possibly if the salignas roots can reach down to a moist layer below the (hopefully) shallow dry upper zones it might just take off.  OTOH, it may simply be a bit of transplant shock caused by adverse (dry soil) conditions at the time of planting and the plant may "grow out of it". 
people tend to think of eucalyptus/corymbia/angophora as all being drought tolerant plants when in fact many come from monsoonal climates or evenly spaced percipitation throughout the year or grow naturally in riverine environments and are not drought tolerant at all OR only drought tolerant if rainfall patterns in their planted area at least roughly match their natural habitats.  some are indeed surprisingly tolerant of different conditions---e. camaldulensis generally grows along seasonal or permanent water courses in australia but is very drought tolerant in rather dry hot sites in the central valley of california (with a long hot dry season). 
here in oregon with a distinct summer dry season (3 months) but with rather cool temps thruout the year (where i am at least) a number of different species from more "temperate" parts of australia with at least some rainfall every month of the year (including the gigantic nitens plus delagatensis, scoparia, nova-anglica, ellipitca,etc) generally do very well with no extra water at all after initial establishment---go figure.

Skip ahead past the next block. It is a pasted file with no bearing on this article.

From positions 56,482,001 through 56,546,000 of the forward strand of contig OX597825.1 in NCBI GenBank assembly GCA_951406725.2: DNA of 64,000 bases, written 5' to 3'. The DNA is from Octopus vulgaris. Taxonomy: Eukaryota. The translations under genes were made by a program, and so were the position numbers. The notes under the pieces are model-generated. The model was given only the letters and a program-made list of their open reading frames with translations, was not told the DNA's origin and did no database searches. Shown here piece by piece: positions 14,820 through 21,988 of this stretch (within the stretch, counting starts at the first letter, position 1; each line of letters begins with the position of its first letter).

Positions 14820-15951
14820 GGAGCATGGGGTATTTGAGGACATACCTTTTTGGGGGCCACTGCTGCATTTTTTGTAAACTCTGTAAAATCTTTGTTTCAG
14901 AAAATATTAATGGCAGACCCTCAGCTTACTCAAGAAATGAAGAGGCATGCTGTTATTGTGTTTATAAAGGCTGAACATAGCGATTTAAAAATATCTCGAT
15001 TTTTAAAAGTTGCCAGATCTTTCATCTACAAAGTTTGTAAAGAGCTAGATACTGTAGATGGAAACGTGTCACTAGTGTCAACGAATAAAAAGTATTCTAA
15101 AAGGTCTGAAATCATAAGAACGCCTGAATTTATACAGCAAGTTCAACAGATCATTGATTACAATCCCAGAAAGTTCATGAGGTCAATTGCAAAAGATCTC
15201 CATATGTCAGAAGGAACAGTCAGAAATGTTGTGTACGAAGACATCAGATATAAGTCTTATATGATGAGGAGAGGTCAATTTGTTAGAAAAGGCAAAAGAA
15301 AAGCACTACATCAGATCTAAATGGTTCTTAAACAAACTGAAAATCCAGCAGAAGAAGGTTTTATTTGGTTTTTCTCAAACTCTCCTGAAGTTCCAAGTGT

growing plants "on the edge of horticultural sanity".  s.w. oregon coast USDA 9/sunset 5.  grow eucalyptus, acacia, mexican evergreen oaks and pines. 
 

3/01/2015 9:48 pm  #5


Re: Eucalyptus saligna, Sidney Blue Gum.

The first winter it was frosty here.  The saligna wasn't amused.  The others were fine though the citrodora weren't in the ground.  As dry as it looks in the pix, the real limiting factor is probably the poor soil.  It's been plenty wet for the last 18 months.  Summer 2014 was notable for tons of rain.  At its height, water was standing in the low spots for weeks.  Even recently transplanted things have barely needed supplemental water.  I wish I had been able to see your eucs when I was in town.  I doubt I could grow any of the species that thrive there but I would have enjoyed it all the same.


Professional Horticulturist since 1985.  Grew up near St Louis, MO and never liked winter.  Still don't, even here in Central FL.  At least the palm palette is better!  Our garden Winter Haven is USDA Zone 9a/9b
     Thread Starter
 

3/01/2015 10:47 pm  #6


Re: Eucalyptus saligna, Sidney Blue Gum.

hard to say.  some like e. nitens (an extremely fast growing tree closely related to globulus---roughly 70' tall in 14 years) and dalrympleana (almost as big in the same period of time) are likely intolerant of hot humid summers.  others like scoparia (IMHO somewhat similar in appearance to citriodora), nova-anglica, and macarthurii, and deanei (closely related to grandis and saligna) are from northern new south wales and extreme southern queensland and MIGHT be somewhat more accepting of such conditions???


growing plants "on the edge of horticultural sanity".  s.w. oregon coast USDA 9/sunset 5.  grow eucalyptus, acacia, mexican evergreen oaks and pines.